*sigh*

I’ve held it off as long as I can, but it’s time to face facts: it’s time to upgrade the four-year-old desktop computer I use at home. I bought it in December of 2016, based on the computer specifications at the time for my trusty Oculus Rift, and it still met the minimum specifications when I upgraded my Rift to a Valve Index earlier this year.

But the Vive Facial Tracker that I eagerly bought makes my Intel Core i5-6600 CPU running at 3.30GHz cry, so it now sits sadly in its little box on my computer desk. The final straw was when I kept crashing while in NeosVR today (sans facial tracker) while Joris Weijdom was giving me a guided tour of the interesting, postmodernist immersive theatre work projects he is involved with at the HKU University of the Arts Utrecht. After several successive embarrassing crashes, we had to resort to using video chat on Discord!

So yes, it’s time (at least, if I want to continue using NeosVR, which I do). The recommended specs for the Valve Index are brief (and no, I am not aiming for the minimum; I want whatever I buy to last me for at least three years):

Minimum

  • OS: Windows 10, SteamOS, Linux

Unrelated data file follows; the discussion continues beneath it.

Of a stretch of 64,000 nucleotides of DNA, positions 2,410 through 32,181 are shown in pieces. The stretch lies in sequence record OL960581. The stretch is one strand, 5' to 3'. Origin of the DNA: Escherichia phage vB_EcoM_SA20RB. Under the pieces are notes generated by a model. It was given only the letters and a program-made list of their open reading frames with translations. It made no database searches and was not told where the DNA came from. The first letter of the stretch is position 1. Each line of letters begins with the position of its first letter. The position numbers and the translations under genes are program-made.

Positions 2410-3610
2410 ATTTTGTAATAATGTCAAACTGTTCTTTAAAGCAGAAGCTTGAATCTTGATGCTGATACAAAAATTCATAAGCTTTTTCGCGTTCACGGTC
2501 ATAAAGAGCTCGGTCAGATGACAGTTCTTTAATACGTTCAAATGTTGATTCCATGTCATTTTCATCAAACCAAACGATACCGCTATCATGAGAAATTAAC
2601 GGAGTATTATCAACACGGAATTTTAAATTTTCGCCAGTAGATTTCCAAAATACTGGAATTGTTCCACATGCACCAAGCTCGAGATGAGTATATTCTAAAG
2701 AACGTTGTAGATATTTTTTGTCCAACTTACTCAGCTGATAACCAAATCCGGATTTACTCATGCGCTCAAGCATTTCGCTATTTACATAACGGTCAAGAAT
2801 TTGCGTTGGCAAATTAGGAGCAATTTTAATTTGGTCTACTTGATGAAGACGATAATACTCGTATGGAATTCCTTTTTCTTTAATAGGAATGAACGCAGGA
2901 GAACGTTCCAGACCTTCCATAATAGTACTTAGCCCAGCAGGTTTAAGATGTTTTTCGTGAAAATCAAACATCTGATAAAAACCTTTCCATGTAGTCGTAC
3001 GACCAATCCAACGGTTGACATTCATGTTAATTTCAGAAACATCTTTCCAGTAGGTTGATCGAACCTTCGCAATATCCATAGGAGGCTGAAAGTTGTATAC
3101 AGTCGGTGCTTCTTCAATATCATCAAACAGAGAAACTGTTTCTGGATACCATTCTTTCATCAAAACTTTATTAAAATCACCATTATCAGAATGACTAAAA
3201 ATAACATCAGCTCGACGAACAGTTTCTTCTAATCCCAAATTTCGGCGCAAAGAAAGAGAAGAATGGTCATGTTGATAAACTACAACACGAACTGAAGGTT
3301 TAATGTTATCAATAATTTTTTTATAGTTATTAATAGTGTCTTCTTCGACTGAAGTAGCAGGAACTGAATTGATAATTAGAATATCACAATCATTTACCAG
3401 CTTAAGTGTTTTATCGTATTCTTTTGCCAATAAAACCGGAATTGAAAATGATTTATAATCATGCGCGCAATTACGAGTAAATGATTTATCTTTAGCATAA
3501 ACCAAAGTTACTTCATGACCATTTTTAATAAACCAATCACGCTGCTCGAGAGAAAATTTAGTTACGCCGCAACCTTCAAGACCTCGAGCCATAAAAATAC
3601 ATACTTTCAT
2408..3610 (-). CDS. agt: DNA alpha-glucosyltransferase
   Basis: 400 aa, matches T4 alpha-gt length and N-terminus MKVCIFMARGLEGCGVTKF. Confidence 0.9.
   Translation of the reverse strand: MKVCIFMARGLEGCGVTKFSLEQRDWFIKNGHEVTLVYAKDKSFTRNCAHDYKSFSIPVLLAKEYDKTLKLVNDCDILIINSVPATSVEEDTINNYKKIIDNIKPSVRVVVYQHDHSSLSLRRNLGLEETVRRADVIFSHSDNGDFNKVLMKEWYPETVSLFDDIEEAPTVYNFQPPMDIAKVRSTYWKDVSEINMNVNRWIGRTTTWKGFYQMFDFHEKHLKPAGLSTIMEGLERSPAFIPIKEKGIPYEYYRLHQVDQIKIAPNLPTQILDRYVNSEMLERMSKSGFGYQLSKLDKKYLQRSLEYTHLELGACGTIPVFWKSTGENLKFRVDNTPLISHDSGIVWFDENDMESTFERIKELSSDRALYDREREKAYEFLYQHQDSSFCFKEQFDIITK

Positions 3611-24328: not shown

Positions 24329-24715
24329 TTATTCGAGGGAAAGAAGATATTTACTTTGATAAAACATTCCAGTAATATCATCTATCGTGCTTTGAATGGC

• Processor: Dual Core with Hyper-Threading
  • Memory: 8 GB RAM
  • Graphics: Nvidia GeForce GTX 970 / AMD RX480
  • Network: Broadband Internet connection
  • Additional Notes: Available DisplayPort (Version1.2) and USB (2.0+) Port required

Recommended

  • Processor: Quad Core+
  • Graphics: Nvidia GeForce GTX 1070 or better
  • Additional Notes: Available USB (3.0+) Port required for Headset Pass-Through Camera

Fortunately, I already have a computer store picked out (the same place I bought my last PC from, a suitably übergeeky place where all the salespeople can comfortably and confidently sling computer acronyms with the best of them. The shortage of computer chips caused by the current boom in cryptocurrency mining might cause some problems, though; most of the higher-end gaming machines I have my eye on are back ordered, according to my preferred store’s website. I’ll probably drive across town tomorrow and see what they have in stock that meets the recommended PC requirements for my Valve Index. There’s not really a rush; the only platform I am having problems with right now is NeosVR.